An anabranch is a section of a river or stream that diverts from the main watercourse channel (or mainstem) and rejoins the mainstem downstream.
In the simplest case, an island or rock in the river creates a main course and an anabranch course; a more significant anabranch would diverge for a distance of several kilometres before rejoining.
River deltas branch into large numbers of courses, though these are not normally regarded as anabranches, as the net result is usually multiple discharge points rather than a rejoined unified flow.
Word usage and related termsThe term anabranch, in its hydrological meaning, is rarely used outside of Australia.
Elsewhere, terms distributary, or more colloquially arm or channel may be used for subsidiary streams that branch from the main stream; however, unlike the more specific anabranch, these terms (especially distributary and arm) do not necessarily imply that the branch will rejoin the main course later downstream. In the United States, the term braided river describes watercourses which are divided by small islands, but the term does not cover extended separation.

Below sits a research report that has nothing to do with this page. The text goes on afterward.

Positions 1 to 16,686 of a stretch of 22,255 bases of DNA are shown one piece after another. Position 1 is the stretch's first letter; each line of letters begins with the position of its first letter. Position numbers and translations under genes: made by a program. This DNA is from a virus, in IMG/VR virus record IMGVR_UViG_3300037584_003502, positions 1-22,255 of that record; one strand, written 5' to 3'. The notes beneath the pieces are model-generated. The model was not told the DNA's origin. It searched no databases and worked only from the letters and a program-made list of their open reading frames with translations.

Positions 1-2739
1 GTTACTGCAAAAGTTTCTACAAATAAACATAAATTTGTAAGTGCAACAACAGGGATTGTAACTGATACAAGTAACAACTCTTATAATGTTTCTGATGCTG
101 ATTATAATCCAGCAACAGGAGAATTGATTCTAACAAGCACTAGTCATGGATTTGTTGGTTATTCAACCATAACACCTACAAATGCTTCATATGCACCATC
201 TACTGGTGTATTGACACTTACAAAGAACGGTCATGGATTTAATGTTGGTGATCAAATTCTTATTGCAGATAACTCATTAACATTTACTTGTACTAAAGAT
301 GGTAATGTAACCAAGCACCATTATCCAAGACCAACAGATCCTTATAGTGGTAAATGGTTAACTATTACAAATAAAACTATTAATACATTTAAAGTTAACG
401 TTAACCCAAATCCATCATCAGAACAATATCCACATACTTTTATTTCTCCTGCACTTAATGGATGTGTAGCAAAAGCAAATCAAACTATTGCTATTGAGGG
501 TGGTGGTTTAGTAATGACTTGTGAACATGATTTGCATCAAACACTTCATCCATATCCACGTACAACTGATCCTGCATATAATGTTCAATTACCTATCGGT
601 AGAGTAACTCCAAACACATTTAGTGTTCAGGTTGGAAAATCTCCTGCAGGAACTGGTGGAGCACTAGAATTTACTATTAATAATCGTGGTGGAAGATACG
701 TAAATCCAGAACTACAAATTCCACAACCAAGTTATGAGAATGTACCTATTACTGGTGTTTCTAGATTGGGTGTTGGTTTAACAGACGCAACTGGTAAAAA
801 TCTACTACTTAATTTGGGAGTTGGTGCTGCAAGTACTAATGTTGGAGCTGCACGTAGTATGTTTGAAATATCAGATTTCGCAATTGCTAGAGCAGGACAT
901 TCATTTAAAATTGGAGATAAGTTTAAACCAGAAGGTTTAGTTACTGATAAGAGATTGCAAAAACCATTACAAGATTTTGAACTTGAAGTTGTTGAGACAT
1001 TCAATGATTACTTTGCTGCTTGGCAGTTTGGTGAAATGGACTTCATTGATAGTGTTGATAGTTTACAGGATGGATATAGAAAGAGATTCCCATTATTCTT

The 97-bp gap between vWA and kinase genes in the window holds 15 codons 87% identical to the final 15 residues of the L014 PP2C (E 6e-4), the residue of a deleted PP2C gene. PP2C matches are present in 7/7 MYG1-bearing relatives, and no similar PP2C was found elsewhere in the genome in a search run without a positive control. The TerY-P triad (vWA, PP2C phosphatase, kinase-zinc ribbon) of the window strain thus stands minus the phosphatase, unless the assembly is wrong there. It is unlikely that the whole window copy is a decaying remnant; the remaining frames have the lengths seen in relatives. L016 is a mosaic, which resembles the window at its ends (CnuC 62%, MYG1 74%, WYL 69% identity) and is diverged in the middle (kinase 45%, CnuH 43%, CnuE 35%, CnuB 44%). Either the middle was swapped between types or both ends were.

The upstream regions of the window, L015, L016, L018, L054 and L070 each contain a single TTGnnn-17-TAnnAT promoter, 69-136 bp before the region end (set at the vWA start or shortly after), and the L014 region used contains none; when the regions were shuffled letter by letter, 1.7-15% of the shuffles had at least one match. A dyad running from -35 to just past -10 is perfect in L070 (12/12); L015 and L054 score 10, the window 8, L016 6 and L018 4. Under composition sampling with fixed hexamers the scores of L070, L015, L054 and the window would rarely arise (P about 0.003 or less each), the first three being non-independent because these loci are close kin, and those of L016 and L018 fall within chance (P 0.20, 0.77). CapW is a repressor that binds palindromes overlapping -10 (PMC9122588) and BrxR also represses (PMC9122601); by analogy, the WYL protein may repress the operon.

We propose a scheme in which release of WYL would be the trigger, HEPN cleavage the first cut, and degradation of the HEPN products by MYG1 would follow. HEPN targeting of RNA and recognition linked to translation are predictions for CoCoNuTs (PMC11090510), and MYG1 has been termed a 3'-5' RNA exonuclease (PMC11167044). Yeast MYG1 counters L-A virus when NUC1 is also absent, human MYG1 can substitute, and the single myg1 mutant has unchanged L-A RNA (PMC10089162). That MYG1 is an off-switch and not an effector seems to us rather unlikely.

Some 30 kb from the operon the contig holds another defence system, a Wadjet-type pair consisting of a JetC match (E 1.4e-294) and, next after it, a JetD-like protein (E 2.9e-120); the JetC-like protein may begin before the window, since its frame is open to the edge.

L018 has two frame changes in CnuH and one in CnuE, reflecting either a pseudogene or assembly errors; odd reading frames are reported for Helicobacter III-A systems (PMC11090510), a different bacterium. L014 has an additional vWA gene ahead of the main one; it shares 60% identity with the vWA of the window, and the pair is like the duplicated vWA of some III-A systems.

- In the Fraser River delta of British Columbia, Canada, North Arm Fraser River, Middle Arm Fraser River, and South Arm Fraser River each fall into Georgia Strait separately. On the other hand, Annacis Island splits (South Arm) Fraser River into the (main) Annievile Channel and the (smaller) Annacis Channel, which rejoin below the island.
- On the Darling River in New South Wales, the river divides south of Menindee for a hundred kilometres before rejoining. The anabranch contains flowing water only in wetter years.
- The Bahr el Zeraf in southern Sudan splits from the Bahr al Jabal section of the White Nile and flows for 240 km (150 mi), before rejoining the White Nile proper upriver from Malakal.
anabranch in Belarusian: Пратока
anabranch in Belarusian (Tarashkevitsa): Пратока
anabranch in Czech: Průtok (kanál)
anabranch in Russian: Протока
anabranch in Finnish: Pudas (joki)